Fluctuations during isometric force production tasks occur due to the inability of musculature to generate purely constant submaximal forces and are considered to be an estimation of neuromuscular noise. The human sensori-motor system regulates complex interactions between multiple afferent and efferent systems, which results in variability during functional task performance. Since muscles are the only active component of the motor system, it therefore seems reasonable that neuromuscular noise plays a key role in governing variability during both standing and walking. Seventy elderly women (including 34 fallers) performed multiple repetitions of isometric force production, quiet standing and walking tasks. No relationship between neuromuscular noise and functional task performance was observed in either the faller or the nonfaller cohorts. When classified into groups with either nominal (group NOM, 25th –75th percentile) or extreme (either too high or too low, group EXT) levels of neuromuscular noise, group NOM demonstrated a clear association (r2.0.23, p,0.05) between neuromuscular noise and variability during task performance. On the other hand, group EXT demonstrated no such relationship, but also tended to walk slower, and had lower stride lengths, as well as lower isometric strength. These results suggest that neuromuscular noise is related to the quality of both static and dynamic functional task performance, but also that extreme levels of neuromuscular noise constitute a key neuromuscular deficit in the elderly.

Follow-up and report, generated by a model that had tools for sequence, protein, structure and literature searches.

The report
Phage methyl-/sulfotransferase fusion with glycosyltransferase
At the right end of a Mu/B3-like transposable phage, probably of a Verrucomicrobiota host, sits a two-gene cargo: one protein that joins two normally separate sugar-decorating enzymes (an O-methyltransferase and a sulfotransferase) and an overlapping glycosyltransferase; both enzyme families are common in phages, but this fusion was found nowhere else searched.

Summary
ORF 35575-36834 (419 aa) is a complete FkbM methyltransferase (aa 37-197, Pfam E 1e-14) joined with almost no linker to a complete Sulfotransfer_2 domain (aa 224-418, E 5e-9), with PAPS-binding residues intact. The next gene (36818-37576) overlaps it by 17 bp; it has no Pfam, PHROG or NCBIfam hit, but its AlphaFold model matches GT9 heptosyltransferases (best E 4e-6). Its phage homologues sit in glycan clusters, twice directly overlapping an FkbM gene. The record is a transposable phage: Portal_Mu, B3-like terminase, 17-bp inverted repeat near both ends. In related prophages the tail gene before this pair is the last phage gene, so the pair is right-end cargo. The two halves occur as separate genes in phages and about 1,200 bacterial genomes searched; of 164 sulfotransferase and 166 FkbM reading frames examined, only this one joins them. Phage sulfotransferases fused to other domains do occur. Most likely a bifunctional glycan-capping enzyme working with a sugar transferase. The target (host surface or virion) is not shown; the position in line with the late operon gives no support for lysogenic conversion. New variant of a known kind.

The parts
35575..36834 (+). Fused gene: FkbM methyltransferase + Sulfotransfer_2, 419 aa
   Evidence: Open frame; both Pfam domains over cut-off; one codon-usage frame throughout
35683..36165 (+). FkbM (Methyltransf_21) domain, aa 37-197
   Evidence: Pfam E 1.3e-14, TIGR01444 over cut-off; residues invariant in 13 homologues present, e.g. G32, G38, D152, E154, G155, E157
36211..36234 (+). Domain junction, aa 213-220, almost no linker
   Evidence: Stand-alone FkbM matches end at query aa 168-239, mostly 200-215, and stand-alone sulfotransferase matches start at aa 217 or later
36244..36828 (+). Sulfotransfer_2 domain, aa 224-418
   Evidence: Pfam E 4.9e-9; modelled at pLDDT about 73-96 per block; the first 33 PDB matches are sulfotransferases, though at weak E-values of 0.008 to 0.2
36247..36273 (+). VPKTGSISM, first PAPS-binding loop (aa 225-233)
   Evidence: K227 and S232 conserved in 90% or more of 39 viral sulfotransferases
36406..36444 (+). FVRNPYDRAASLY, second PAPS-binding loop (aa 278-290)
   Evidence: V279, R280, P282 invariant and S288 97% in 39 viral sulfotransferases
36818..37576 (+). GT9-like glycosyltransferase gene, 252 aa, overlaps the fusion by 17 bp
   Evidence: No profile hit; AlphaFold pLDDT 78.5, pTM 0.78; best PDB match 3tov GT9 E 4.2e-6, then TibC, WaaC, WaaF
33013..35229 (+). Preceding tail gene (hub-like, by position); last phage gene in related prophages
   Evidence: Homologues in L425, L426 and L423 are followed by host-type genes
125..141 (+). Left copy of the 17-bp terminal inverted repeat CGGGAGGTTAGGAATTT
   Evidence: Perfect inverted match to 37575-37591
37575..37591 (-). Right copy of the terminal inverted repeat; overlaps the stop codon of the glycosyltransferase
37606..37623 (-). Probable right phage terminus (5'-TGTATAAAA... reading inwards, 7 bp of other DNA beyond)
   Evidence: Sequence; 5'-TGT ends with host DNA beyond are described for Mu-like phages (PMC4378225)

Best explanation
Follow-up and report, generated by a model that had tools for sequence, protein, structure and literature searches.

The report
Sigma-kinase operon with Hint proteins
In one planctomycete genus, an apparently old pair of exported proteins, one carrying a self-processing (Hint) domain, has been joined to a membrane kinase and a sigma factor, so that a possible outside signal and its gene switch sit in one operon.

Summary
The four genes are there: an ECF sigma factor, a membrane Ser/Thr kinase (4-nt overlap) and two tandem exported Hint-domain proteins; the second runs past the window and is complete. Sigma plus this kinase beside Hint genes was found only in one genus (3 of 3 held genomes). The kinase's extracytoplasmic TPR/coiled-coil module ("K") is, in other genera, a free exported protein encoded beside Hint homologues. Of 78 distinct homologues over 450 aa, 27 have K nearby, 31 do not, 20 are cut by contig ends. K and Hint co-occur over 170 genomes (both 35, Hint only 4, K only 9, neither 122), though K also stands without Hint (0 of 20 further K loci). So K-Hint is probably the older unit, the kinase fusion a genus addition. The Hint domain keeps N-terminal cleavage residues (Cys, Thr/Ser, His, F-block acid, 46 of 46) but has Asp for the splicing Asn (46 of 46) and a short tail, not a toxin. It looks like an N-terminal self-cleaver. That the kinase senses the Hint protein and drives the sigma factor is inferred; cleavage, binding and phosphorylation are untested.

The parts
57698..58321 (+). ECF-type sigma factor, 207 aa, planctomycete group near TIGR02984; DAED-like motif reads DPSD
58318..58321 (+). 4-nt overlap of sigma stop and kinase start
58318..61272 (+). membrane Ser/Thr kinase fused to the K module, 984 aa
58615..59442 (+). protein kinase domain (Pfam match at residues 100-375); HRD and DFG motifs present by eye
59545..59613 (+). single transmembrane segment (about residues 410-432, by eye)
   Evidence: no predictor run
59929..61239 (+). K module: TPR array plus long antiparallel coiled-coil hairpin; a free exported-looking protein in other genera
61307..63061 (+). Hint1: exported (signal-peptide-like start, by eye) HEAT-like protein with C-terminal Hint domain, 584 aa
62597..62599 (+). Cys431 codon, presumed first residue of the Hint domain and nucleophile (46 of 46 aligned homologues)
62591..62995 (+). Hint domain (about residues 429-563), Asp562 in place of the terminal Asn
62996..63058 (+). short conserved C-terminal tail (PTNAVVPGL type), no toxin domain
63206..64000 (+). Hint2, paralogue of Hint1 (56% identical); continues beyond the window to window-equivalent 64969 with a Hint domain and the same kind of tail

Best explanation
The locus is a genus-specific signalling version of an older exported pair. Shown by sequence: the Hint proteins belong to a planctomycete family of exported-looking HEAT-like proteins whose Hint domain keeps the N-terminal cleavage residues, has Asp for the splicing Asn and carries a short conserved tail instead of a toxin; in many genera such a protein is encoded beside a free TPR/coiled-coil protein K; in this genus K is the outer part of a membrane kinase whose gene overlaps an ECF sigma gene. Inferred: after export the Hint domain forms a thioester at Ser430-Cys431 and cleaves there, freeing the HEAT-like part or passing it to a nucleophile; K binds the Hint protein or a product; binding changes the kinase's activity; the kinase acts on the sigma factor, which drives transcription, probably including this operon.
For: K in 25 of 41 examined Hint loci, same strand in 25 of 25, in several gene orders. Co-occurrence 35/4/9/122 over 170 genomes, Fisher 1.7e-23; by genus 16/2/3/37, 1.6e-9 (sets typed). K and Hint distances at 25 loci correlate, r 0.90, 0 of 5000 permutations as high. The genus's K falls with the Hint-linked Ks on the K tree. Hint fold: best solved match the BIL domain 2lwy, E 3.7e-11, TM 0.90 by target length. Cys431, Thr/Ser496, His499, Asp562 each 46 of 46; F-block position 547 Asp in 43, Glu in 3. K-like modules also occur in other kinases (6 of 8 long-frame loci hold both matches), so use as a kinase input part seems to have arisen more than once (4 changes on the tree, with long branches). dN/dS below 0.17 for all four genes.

Singh NB, König N, Arampatzis A, Heller MO, Taylor WR (2012) Extreme Levels of Noise Constitute a Key Neuromuscular Deficit in the Elderly. PLoS ONE 7(11): e48449. https://doi.org/10.1371/journal.pone.0048449
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